The approval comes after a lengthy and heated battle involving hundreds of letters from the public asking the board to reconsider the gillnet, accusations of wrongdoing against U.S. Fish and Wildlife Service managers, earlier special action requests, a lawsuit brought by the council against the Secretaries of the Interior and Agriculture and opposition from neighboring subsistence communities.
In January 2015, the Federal Subsistence Board voted 4-3 in favor of NTC’s proposal to hold a community subsistence gillnet for the Kasilof and Kenai rivers.
State and federal biologists advised against the action at the time.
They claimed a subsistence gillnet, even if targeted for sockeye salmon, could endanger returns of king salmon, which had been on the downswing statewide since the beginning of the decade.
Within months, over 700 requests for reconsideration flooded the Office of Subsistence Management asking the federal board to overturn its decision to let a subsistence gillnet into the state’s most heavily used and heavily politicized river.
Several legislators submitted letters of their own, including Anchorage’s Rep. Les Gara and Sen. Bill Wielechowski.
The U.S. Fish and Wildlife Service manages the Kenai Wildlife Refuge, which is the federal land on which the Ninilchik Traditional Council proposed it put its gillnet. The USFWS was one of the parties represented on the Federal Subsistence Board that voted against approving the gillnet allowance.
The proposal required that the USFWS manager, Jeff Anderson, approve an operation plan before NTC be allowed to actually put the net into the water.
Though he approved the operational plan for the Kasilof River during the 2015 sockeye season, he denied the Kenai River plan.
NTC leadership was outraged and filed a special action request with the Federal Subsistence Board to force Anderson to approve the operational plan, similar to the one approved in 2016.
On July 29, 2015, the board denied the request, backing up the USFWS decision.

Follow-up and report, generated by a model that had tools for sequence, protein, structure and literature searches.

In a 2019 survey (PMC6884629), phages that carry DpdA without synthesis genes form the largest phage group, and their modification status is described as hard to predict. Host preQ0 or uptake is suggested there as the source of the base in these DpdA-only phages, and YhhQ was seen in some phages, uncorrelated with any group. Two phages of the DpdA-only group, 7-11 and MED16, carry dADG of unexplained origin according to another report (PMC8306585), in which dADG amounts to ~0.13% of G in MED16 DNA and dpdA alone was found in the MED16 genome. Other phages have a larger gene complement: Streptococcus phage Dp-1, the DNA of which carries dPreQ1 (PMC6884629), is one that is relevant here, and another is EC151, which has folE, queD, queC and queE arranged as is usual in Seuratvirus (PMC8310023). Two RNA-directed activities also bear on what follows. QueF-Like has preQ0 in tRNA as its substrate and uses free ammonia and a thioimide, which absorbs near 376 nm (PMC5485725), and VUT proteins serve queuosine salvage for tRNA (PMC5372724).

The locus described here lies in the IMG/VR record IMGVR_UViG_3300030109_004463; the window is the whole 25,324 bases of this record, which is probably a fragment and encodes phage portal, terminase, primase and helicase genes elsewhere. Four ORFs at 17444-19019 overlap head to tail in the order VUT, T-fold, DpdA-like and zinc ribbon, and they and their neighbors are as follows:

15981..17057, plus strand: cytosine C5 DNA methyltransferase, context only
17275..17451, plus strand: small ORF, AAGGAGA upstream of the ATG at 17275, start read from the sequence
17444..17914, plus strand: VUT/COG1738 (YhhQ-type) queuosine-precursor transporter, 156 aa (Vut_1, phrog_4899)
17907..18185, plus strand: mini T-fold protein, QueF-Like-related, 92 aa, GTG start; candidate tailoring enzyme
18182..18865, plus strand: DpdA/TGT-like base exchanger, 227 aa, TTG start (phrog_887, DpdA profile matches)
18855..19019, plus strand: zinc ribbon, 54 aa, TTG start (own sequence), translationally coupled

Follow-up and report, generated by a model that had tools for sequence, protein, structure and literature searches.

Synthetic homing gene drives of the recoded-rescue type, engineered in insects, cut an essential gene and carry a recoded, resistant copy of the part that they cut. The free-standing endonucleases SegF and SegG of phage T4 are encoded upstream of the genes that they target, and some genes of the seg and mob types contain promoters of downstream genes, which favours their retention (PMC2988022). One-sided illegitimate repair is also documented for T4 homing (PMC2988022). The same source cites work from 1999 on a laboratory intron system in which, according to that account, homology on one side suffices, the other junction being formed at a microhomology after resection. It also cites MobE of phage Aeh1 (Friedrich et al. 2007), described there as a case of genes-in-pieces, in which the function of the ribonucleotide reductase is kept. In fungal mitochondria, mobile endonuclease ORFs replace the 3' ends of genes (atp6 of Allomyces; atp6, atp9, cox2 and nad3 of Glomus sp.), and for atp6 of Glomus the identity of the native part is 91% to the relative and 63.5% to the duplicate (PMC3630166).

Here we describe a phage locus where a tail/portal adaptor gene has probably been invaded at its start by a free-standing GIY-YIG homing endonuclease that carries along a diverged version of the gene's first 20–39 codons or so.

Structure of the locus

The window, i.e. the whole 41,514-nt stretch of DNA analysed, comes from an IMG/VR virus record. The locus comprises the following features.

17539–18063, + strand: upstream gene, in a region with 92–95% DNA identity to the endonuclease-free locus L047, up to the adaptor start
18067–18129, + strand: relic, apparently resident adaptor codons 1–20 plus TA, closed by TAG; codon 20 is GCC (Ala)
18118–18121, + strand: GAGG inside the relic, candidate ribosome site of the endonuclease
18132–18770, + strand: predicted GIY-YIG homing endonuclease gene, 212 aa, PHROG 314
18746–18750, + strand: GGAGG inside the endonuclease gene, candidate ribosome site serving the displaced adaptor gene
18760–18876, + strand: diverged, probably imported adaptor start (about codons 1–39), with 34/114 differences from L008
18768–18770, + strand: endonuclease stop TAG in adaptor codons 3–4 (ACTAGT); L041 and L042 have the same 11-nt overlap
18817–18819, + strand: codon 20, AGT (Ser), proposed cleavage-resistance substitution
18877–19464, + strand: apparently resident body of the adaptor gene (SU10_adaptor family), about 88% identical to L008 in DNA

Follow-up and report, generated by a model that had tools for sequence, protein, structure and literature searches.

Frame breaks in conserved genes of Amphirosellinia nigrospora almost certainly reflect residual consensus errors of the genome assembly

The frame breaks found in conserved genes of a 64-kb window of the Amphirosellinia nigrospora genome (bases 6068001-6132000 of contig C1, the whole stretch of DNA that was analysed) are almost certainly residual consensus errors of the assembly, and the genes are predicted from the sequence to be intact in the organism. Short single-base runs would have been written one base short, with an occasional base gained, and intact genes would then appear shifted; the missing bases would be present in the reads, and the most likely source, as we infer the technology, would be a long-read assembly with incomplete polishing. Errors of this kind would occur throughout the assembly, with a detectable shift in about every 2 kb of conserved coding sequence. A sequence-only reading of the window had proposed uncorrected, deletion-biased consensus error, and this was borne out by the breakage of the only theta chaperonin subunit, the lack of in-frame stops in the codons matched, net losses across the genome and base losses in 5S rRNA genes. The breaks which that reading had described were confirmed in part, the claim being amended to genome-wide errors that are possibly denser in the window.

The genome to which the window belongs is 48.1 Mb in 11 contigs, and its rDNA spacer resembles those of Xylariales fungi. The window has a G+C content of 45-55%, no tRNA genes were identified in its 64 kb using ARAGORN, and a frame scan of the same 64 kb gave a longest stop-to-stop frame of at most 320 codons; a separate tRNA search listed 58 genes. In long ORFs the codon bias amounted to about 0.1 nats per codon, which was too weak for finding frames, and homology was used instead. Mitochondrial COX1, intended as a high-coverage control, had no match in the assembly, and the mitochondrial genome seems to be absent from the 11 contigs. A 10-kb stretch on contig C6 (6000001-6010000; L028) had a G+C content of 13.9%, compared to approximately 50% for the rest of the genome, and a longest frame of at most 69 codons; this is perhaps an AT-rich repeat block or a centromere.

Ninilchik Tribal elder and Council President Greg Encelewski spared no venom describing how the council feels about Anderson’s management of the Kenai River gillnet.
“It’s absolutely ludicrous,” Encelewski said at the time. “It’s shameful and we’re disgusted.”
In response, the council filed a lawsuit against the board and secretaries of Agriculture Tom Vilsack and Interior Sally Jewell.
Others jumped into the fray as time rolled on.
In April 2016, The Cooper Landing and Hope Federal Subsistence Community filed a proposal change in the 2017-2019 Federal Subsistence Board proposal book that would eliminate Ninilchik Traditional Council’s gillnet.
The gillnet, the Cooper Landing and Hope filers said, has a direct impact on them. Cooper Landing subsistence users are upriver of NTC and fish with dipnets.
“We maintain firmly that the Federal Subsistence Board’s approval, which allows Ninilchik to place a community gillnet in the Kenai River, aggrieves the federal subsistence priority and right of Cooper Landing and Hope subsistence users,” the proposal stated.
NTC filed its latest special action request while a judge was considering an injunction that would have forced USFWS to approve the net.
NTC’s attorney, Sky Starkey, said the group still plans to continue its lawsuit against USFWS.
We’re still weighing how to proceed,” said Starkey. “We believe that the FWS violated the subsistence priority of NTC in 2015.
This fishery was actually supposed to start on June 15. That would have allowed NTC to get the bulk of the sockeye run.
“What NTC wants is just whatever help the court might provide so that we don’t end up in the same situation next year.”
DJ Summers can be reached at email@example.com